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Tony and Emmy winning actress Mary Alice has died at age 85

Actress Mary Alice holding her Emmy Award in the press room in 1993.
Dan Watson
Disney General Entertainment Content via Getty Images
Actress Mary Alice holding her Emmy Award in the press room in 1993.

Emmy and Tony winning actress Mary Alice has died. A spokesperson for the NYPD confirms to NPR that she died of natural causes at her home in New York. She was 85.

Mary Alice won a Tony in 1987 for her performance as Rose Maxson in the original Broadway production of August Wilson's Fences. Among the tributes to Alice on social media, actress Viola Davis, who played Rose in stage and movie versions, writes, "RIP Mary Alice...the original Rose Maxson. You were one of the greatest actresses of all time!! Thank you for the work, inspiration and thank you for Rose. Godspeed Queen."

Mary Alice's career

She was born Mary Alice Smith in 1936 in Indianola, Miss., and spent several years as a schoolteacher in Chicago before moving to New York to pursue acting full time. In a career that spanned more than three decades, Alice performed on stage and screen, in comedies and dramas. She won an Obie Award in 1979 for her performance as Portia in Joseph Papp's Off-Broadway production of Julius Caesar. Her TV credits included Police Woman, Cosby and Sanford & Son. In 1991, she won the Emmy Award for Outstanding Supporting Actress in a Drama Series for I'll Fly Away.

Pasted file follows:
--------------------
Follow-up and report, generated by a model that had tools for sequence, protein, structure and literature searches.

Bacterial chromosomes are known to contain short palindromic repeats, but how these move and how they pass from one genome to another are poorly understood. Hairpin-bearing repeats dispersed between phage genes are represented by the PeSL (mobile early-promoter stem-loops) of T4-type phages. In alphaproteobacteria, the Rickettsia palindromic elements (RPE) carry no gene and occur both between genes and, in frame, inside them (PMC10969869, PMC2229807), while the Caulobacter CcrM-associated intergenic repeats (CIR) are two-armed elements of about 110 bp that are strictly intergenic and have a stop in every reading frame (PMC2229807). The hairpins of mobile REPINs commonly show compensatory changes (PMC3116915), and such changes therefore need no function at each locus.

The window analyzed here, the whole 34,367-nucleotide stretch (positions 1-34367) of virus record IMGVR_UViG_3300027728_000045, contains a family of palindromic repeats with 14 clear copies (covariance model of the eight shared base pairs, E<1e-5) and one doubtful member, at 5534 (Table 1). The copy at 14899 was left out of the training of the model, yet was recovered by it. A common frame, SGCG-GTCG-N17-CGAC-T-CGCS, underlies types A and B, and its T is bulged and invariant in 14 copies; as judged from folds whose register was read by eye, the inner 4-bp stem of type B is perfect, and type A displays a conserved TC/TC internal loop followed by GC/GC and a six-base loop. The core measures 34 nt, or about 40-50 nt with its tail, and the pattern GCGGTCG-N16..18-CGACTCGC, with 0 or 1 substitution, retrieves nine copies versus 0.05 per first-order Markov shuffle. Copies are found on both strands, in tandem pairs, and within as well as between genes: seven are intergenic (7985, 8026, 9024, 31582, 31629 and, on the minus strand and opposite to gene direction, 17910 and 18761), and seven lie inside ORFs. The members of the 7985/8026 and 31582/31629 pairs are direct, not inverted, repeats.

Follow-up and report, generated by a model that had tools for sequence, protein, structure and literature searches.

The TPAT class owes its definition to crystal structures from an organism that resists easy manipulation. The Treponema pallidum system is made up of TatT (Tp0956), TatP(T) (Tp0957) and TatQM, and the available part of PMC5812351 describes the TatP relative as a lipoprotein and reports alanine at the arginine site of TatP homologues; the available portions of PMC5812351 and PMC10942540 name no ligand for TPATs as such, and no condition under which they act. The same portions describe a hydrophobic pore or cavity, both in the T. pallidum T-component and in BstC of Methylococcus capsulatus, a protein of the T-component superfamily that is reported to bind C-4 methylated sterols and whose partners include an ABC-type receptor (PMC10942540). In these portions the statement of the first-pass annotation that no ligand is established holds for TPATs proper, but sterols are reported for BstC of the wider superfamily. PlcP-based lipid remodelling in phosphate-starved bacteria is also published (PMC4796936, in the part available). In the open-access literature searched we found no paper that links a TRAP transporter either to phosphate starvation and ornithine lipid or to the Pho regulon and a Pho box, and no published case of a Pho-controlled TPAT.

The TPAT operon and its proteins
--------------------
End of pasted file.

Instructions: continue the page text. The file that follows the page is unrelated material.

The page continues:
In A Different World Alice played the delightfully eccentric, soft-spoken Leticia "Lettie" Bostic. Among her more than a dozen movie credits are Sparkle in 1976, Malcolm X in 1992 and The Matrix Revolutions in 2003.

In an interview with Contemporary Film, Theatre & Television, Alice said she was "proud" to be an actor. "I chose this profession because I feel this is how I can fulfill my service as a human being--communicating the human condition," she continued, "My desire is to create interesting and complex characters on film and television."

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Elizabeth Blair is a Peabody Award-winning senior producer/reporter on the Arts Desk of NPR News.